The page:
Gregg Popovich spent a minute before Monday’s game lamenting the three-point line, then its first 24 pretending it didn’t exist.
“I hate threes; I don’t like ‘em,” he said in a vaguely familiar riff. “It’s not real basketball. Why don’t we have a four-point shot? Let’s have a five-point shot and make it real fun for the fans.”
Pop’s view could be construed as heresy in the modern NBA, and yet it aptly contextualizes a Spurs team built around a troika of blasphemers. On the same night the Warriors made more three-point history, the Spurs attempted just three in the entire first half. Instead they built a 53-45 halftime lead the old-fashioned way — through a heavy dose of back-cuts, isolation post-ups, elbow curls, and contested 18-footers, the gentleman’s three-pointer. The third quarter saw them space the floor a bit more, but the game ultimately came down to the in-between work of DeMar DeRozan (34 points, 9 assists, 6 rebounds), LaMarcus Aldridge (20 points, 6 rebounds, 4 assists) and Rudy Gay (15 points, 11 rebounds, 6 steals), and their deft hand at the free-throw line (20 of 21).
I asked Mavericks coach Rick Carlisle about the Spurs’ affinity for the mid-range, and if they presented a distinct challenge to teams that are conditioned to encourage precisely those kinds of shots on the floor. His thoughts, understandably, gravitated back towards DeRozan’s game:
“DeRozan’s been — I would have to think, in the annals of modern history — he’s one of the best two-point players there’s been, with his ability to elevate and knock down everything from 19 feet in. He’s a machine . . . He’s a great player. He’s an All-Star, top-caliber guy, and has made a nice adjustment here in San Antonio.”
The praise is nice to hear, if only because pure analytics heads will so often knock DeRozan for building a fire with flint, steel and tinder rather than a lighter and overlook the fact that the man is still out there cooking. And he lit his opponents up again on Monday — elegantly, patiently seeking out his spot on the right elbow, setting up teammates for quality looks, and getting to the free-throw line. He scored or assisted on the team’s last six points of regulation and dropped another six straight in overtime that helped keep the game just out of Dallas’ reach.
“He loves those moments,” said Pop. “He’s not afraid of failure. Michael didn’t make every shot at the end of the game, but there are very few people that want to be in that position all the time, and he’s one of those people who loves it. It’s good to have that.”
DeRozan had the chance to forego overtime with a buzzer beater that rimmed out. Here’s what he had to say about having another crack at seizing the W:
“When I missed (that shot), I told (Patty) I wasn’t gonna miss the next one. So when I got that last shot, I knew I was gonna take my time, get to my spot, and knock down the shot.”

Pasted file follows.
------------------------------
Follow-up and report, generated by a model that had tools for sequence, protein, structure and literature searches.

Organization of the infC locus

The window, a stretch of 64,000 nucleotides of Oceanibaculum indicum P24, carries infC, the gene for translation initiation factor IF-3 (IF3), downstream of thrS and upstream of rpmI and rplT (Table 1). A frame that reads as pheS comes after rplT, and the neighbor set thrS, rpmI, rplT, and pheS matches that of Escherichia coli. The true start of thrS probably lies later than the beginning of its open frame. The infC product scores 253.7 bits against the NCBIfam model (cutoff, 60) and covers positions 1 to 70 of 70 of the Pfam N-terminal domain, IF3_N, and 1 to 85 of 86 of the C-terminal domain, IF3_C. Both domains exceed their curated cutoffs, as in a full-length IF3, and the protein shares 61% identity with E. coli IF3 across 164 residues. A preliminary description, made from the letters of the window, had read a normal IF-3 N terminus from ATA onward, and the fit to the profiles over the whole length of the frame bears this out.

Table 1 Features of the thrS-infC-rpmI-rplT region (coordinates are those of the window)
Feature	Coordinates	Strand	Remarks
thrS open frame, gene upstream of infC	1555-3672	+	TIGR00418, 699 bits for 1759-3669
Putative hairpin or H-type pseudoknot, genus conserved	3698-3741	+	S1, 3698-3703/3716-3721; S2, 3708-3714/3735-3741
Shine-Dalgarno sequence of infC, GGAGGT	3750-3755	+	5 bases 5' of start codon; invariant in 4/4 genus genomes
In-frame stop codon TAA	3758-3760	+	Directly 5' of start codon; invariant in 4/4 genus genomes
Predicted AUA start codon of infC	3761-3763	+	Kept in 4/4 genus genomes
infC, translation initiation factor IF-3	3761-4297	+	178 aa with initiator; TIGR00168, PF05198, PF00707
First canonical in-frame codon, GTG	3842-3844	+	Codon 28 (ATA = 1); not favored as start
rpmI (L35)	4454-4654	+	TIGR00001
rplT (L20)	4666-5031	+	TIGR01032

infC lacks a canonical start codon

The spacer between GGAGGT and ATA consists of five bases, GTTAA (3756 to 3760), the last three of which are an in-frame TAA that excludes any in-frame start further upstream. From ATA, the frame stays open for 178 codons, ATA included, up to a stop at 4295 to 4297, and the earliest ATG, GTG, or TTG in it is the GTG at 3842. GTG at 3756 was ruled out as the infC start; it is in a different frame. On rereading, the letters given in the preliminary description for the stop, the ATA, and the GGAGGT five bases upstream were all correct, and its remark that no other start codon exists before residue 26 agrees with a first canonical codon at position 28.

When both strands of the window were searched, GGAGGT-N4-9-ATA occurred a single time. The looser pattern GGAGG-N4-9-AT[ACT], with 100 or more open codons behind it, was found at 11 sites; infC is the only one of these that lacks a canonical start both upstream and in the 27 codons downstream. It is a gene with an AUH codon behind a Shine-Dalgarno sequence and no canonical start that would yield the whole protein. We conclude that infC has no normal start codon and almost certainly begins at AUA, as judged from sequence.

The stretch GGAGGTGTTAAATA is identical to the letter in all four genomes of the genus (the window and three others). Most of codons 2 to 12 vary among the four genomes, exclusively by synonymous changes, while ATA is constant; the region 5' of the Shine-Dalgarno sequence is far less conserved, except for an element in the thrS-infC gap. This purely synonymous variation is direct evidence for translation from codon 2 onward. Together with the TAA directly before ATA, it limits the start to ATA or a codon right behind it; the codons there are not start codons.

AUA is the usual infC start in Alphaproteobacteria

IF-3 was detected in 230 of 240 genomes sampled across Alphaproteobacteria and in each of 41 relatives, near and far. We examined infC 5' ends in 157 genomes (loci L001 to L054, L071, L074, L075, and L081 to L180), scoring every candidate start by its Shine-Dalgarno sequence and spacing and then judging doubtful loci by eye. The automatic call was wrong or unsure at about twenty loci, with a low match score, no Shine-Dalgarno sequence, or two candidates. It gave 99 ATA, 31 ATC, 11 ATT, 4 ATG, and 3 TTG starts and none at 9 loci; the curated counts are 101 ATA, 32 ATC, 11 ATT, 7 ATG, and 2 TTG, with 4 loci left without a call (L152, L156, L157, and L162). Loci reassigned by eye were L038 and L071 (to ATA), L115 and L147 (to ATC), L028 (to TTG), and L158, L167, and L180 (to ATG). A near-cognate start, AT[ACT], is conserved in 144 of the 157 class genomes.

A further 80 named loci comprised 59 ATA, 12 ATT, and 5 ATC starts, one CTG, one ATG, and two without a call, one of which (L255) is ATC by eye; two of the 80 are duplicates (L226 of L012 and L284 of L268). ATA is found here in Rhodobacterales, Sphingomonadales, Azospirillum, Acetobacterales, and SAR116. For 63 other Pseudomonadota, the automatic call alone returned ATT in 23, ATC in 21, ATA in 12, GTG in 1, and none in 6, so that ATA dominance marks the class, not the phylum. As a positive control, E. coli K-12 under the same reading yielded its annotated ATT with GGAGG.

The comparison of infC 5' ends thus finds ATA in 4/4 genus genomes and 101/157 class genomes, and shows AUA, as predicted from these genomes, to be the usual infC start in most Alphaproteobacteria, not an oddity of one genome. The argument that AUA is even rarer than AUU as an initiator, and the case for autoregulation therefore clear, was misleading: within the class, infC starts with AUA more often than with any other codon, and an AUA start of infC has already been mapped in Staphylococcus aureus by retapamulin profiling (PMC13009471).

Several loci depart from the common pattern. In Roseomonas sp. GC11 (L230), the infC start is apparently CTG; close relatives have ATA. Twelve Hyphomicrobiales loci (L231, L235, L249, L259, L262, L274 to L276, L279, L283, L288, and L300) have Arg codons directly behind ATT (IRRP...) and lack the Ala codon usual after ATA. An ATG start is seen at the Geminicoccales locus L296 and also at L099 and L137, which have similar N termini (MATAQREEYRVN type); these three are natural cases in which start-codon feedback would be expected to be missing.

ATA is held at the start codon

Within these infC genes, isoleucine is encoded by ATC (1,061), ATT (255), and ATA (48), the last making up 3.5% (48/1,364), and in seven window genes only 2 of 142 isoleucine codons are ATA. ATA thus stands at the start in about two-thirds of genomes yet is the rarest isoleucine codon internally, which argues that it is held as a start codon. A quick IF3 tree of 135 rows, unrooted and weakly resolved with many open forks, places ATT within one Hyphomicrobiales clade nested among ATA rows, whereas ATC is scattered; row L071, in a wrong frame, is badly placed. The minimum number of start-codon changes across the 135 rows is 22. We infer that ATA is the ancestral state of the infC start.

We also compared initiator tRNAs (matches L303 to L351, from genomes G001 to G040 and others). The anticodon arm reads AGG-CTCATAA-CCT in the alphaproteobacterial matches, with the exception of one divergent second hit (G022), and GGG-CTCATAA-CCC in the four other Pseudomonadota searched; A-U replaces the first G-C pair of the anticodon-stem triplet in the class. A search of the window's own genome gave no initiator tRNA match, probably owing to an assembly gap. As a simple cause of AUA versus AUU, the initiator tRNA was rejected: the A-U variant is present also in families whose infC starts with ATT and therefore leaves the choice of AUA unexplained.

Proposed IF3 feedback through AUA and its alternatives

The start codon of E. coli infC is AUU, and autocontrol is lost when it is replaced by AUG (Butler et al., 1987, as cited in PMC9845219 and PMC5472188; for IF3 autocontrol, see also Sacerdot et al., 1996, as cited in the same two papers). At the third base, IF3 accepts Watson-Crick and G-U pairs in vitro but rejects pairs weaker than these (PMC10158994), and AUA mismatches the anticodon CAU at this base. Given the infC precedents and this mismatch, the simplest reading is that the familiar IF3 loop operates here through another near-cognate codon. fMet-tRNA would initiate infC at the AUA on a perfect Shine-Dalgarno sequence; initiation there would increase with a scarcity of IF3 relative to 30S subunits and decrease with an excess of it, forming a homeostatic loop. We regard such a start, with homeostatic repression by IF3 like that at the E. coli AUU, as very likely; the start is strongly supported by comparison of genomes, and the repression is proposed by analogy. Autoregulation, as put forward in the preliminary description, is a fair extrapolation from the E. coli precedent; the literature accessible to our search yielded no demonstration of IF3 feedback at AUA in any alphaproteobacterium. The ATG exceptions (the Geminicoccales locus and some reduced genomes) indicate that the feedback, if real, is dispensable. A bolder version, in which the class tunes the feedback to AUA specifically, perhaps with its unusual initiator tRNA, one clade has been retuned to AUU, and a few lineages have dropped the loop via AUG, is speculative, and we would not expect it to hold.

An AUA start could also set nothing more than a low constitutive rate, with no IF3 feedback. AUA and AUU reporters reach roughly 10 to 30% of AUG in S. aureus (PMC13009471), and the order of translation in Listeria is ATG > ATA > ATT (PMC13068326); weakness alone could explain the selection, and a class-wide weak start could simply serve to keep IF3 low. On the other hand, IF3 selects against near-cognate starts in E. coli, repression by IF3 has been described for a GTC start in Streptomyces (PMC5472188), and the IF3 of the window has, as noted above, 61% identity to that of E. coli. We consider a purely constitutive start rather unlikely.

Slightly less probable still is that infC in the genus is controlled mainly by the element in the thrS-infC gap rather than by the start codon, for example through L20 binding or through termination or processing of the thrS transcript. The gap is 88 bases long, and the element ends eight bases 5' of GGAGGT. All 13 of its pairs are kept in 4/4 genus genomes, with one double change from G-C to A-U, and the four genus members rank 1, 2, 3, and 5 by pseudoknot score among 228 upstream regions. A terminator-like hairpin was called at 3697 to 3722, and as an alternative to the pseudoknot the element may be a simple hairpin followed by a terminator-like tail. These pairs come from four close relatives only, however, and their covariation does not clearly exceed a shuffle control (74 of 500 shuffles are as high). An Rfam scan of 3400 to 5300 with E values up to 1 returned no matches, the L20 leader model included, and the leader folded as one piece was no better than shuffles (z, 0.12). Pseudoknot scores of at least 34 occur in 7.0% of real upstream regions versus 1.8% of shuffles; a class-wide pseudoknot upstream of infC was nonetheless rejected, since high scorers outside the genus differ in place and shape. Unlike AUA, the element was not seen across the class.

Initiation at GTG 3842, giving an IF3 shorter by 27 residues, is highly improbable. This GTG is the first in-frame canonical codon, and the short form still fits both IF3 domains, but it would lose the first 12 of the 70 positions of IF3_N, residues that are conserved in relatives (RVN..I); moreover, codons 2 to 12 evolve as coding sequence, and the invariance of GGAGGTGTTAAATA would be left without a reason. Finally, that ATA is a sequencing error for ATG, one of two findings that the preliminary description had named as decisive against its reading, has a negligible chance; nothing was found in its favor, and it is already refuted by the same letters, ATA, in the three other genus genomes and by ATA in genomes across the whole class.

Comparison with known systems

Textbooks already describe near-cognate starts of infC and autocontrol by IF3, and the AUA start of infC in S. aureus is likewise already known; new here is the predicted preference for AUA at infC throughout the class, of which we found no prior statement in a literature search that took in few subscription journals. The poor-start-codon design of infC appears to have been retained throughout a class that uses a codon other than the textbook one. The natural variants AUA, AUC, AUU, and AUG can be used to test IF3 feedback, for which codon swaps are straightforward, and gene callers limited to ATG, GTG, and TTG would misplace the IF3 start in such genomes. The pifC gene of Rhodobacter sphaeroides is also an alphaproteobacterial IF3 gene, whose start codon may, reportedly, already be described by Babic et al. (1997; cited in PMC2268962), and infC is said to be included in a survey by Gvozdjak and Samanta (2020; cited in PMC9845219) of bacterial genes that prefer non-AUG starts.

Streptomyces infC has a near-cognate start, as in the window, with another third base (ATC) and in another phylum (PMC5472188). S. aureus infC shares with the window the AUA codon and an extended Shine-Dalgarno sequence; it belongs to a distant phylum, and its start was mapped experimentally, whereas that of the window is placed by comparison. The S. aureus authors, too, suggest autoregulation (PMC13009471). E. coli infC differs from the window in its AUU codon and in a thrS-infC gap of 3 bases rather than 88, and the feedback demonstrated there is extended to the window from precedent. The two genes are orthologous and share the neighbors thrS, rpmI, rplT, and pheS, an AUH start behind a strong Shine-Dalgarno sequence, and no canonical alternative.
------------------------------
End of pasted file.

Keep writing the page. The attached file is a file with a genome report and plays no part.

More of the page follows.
DeRozan making the most of a second opportunity could be the theme of this young San Antonio season. The former Raptor is currently in the top 6 in the NBA in both scoring and assists, holding his own defensively, and still sees plenty of ways that he and the team can get better.
“There’s still a ton of stuff we’re still putting together. As soon as that starts clicking, we start doing a lot of things consistently, we definitely got a great chance to be a good team.”
A few more notes and quotes . . .
Free throws made all the difference
The Spurs missed just one of their 21 attempts, including a pair of clutch ones by DeRozan to wrest the lead from the Mavs near the end of regulation. In contrast, Dallas missed five of its 17. Dennis Smith Jr. could’ve put his team up 103-102 with 2.5 seconds to go, instead going one for two and allowing the game to go to overtime.
A fourth starting lineup in six games for the Spurs
Pop gave Dante Cunningham his third start of the season, inserting him alongside Rudy Gay to match up with the Mavs’ smaller lineup. In 35 minutes together, that group’s posted a net rating of +1.3. It’s not exactly the Death Lineup, but considering the team overall has a -3.5 net rating, it’s also not bad.
Marco, a plus-minus maestro
Did anyone have Marco Belinelli as their pick to have the best net rating (+2.0) of any rotation player early in the season? Sure, that number benefits greatly from a +21 plus-minus against Dallas, but the fact remains that the Italian has been impactful, even when the ball’s not in his hands.
Bryn Forbes has the green light
Thrust into the starting lineup, Bryn Forbes has not hesitated to shoot the ball in these first six games. He attempted another four threes on Monday and made two, finishing with 12 points. He has scored in double digits in all six games this season.
When asked about Forbes before the game, here’s what Pop had to say:
“He has a green light for sure. He’s come a long way. I’m really happy for him, he’s carving out a career.”
Luka Doncic looks pretty good!
Not a Spurs note, but the Mavs rookie certainly showed out in San Antonio, putting up 31 points on just 18 field goal attempts, and chipping in 8 rebounds and 4 assists. He exhibited a crafty floater game, stepped back comfortably into threes, and used his size to make the kind of passes that smaller playmakers simply can’t. Between him and Dennis Smith Jr. (22 points, 4 assists), the Mavs should be fun for a while.
The defense gets a bump towards mediocrity
According to NBA.com, the Spurs’ defensive rating improved from 30th to 26th with Monday night’s win. The Mavs aren’t great, but there were moments in which San Antonio’s rotations and communication indeed looked better.